Flexibility is autonomy at work. This is commonly referred to as Freedom at Work- the freedom for employees to choose how and when their work gets done. Employees crave this because it gives them a sense of control, mentioned above, which is a powerful desire after enduring the chaos of the last two years. The problem is many employers have always worked with the idea that the employer should be in control- not the employees. The fear is that if employees have the freedom to work, the control of how and when there is no guarantee that the work will actually get done.
The greatest experiment in the benefits of autonomy was played out as the pandemic hit, forcing millions to work remotely. Without the confines of the office cubicle, the strict 9-5 work schedule and micromanaging work still got done. Forty percent of workers reported they were more productive at home during the pandemic than they had been when in the office. This is the proof that the fear is unjustified, and for those orgs that don’t want to adjust-it may be more about giving up control rather than what is best for the people and the org. The positive news is when employees and employers align on purpose, create a meaningful connection and build transparency, giving your team autonomy will come easily.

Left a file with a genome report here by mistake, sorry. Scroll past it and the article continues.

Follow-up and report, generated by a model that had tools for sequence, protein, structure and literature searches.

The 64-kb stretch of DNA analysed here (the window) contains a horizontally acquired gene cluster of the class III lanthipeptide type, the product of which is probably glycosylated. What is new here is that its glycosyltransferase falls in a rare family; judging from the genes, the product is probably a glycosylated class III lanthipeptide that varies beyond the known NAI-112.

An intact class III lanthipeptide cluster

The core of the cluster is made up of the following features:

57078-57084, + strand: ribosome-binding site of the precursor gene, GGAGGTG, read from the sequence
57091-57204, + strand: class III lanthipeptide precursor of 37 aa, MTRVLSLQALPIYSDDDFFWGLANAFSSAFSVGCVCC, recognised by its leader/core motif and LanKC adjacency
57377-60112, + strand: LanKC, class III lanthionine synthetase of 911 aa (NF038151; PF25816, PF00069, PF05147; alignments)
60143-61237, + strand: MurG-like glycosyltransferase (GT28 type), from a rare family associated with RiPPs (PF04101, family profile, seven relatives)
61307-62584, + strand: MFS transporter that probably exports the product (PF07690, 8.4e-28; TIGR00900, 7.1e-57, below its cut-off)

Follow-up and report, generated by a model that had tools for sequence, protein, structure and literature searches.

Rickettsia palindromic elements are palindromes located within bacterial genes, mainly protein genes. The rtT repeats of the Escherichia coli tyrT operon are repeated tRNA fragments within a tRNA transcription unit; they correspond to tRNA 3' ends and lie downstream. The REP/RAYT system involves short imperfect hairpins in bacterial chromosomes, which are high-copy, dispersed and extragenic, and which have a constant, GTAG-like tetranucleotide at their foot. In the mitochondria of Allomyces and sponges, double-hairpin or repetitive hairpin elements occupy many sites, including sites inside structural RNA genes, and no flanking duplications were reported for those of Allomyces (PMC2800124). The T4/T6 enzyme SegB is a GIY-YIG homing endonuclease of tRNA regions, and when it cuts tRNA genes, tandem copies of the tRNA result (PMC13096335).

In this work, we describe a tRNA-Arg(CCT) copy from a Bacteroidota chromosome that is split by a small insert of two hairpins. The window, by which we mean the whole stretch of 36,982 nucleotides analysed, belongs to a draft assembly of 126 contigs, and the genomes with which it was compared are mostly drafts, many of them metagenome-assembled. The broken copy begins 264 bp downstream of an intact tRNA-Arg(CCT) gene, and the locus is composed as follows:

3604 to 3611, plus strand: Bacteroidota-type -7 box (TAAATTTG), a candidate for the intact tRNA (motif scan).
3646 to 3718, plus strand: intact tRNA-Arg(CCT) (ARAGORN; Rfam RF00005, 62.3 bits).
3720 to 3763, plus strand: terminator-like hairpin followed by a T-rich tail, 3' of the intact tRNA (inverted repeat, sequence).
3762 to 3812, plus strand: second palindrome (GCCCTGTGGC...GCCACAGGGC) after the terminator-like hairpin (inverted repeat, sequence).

The Great Resignation has shifted the job market, giving employees and job seekers control. They have voiced their demands and expectations-purpose, work/life integration, and autonomy. And they have no problem leaving a job that is not meeting their needs. So, how can employers give the people what they want? The first step is to invest in people strategies. This might be a change of course for many orgs because, for so many years, the focus has been on business strategies, planning, actions, and goals that can be linked to profitable outcomes. But people strategies are an inguinal component of success because they focus on the people carrying out the plans, actions, and goals. An investment in your people is an investment in your success.